Curriculum Philosophy Paper

Words: 1989
Pages: 8

Curriculum Philosophy Paper

Patrice Bax

HRWD 6713: Curriculum Design

Submitted: October 6, 2012

In mathematics, there is a rule called the order of operations which instructs a student to solve certain steps first, before calculating others steps to arrive at an accurate solution to a mathematical expression. Similarly, society teaches an order of operations to life in that students are to first, matriculate through secondary education to attain foundational skills in support of man’s progression in society; second, enter into college to gain skills and knowledge to prepare for survival in society; third, graduate from college with specific jobs skills and credentials to give meaning
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“These information technology-induced changes in the structure and performance of the U.S. economy have had significant consequences for the American workforce” (Levine Institute, 2012, para. 1). Additionally, there are some implications that in order to be sure that the workforce is successful in these efforts, there must be a plan in place for continued professional development. Thus, the root to the issue may be solved by designing competent curriculum, but the rapid pace of growing technology and economic demands, and the absence of continued professional development are also considerations to the problem of graduates being unprepared for workforce success.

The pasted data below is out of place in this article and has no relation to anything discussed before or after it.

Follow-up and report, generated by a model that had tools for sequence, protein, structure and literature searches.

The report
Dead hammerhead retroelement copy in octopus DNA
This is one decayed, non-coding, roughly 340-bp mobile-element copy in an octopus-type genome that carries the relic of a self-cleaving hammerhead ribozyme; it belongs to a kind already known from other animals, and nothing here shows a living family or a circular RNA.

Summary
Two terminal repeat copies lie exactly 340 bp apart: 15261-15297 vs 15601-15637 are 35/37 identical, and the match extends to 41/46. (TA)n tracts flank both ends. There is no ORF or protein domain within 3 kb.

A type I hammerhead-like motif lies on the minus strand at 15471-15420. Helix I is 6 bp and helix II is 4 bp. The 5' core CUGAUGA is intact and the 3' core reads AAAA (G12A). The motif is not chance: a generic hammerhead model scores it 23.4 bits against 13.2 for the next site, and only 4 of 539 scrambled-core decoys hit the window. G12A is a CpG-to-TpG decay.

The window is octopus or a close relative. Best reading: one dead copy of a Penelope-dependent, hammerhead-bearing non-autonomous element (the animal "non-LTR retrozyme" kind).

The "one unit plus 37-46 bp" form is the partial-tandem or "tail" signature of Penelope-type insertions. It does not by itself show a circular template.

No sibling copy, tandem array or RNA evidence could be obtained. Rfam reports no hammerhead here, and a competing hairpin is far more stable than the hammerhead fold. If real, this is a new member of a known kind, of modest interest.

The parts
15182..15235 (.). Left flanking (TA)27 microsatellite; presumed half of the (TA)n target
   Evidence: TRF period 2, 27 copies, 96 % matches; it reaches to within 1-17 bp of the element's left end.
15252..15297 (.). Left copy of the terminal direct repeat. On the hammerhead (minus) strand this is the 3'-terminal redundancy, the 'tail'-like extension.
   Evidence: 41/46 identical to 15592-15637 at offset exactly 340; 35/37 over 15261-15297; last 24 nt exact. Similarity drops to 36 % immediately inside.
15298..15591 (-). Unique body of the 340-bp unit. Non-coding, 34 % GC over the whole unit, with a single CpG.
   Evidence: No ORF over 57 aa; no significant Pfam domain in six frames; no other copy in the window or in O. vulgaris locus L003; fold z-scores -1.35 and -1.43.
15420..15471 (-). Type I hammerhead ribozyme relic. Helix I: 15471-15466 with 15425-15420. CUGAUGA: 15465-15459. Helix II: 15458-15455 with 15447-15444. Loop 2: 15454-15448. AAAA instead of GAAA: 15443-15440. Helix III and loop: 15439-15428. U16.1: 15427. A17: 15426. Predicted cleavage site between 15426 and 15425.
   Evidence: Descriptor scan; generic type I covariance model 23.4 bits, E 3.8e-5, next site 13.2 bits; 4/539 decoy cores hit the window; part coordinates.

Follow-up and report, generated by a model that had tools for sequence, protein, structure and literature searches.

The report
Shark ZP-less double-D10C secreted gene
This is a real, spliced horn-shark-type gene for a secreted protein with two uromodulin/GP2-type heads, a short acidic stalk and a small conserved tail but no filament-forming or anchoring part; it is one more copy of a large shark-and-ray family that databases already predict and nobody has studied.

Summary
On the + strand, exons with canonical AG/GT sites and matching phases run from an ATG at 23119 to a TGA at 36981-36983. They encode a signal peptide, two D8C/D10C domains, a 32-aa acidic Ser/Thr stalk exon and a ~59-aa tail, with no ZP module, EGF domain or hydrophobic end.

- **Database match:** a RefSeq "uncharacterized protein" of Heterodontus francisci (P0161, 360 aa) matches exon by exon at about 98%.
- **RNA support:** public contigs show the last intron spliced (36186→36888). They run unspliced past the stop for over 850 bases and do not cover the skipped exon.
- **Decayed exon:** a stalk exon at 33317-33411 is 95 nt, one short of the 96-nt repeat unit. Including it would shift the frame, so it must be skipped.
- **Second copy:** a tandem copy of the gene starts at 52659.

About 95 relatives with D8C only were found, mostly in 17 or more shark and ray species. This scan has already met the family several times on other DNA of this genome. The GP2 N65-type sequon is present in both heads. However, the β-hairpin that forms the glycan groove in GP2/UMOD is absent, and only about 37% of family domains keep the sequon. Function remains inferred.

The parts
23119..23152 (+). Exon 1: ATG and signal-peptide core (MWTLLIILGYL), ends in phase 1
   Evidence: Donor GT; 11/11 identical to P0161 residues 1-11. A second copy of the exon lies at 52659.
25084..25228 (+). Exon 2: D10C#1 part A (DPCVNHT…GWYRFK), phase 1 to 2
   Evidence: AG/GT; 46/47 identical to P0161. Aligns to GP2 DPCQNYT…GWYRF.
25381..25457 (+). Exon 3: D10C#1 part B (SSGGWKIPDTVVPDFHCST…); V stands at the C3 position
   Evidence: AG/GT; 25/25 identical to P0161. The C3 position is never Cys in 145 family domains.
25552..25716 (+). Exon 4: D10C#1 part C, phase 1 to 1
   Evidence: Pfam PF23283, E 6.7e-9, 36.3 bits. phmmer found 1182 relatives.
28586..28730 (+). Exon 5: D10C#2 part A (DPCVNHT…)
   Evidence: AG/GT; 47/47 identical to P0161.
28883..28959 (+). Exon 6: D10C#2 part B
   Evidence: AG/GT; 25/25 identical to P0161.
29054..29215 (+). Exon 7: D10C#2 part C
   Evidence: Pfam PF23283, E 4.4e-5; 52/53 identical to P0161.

A Viable Solution

Understanding the types of skills that are required in the workforce is necessary for identifying what curriculum should be taught in education and training programs. Identifying the context and environment in which these skills will be executed provides light on the conditions in which these skills should be taught. Hence, it is appropriate to suggest that the solution used to address the issue of graduates being unprepared for success in the workforce should be rooted in Social Efficiency Ideology so that specific behaviors in the workforce can be identified, taught, and measured under controlled conditions; skills can be explicated through real-world experiences; and learning can be transferred to realistic work situations to ensure that graduates are being properly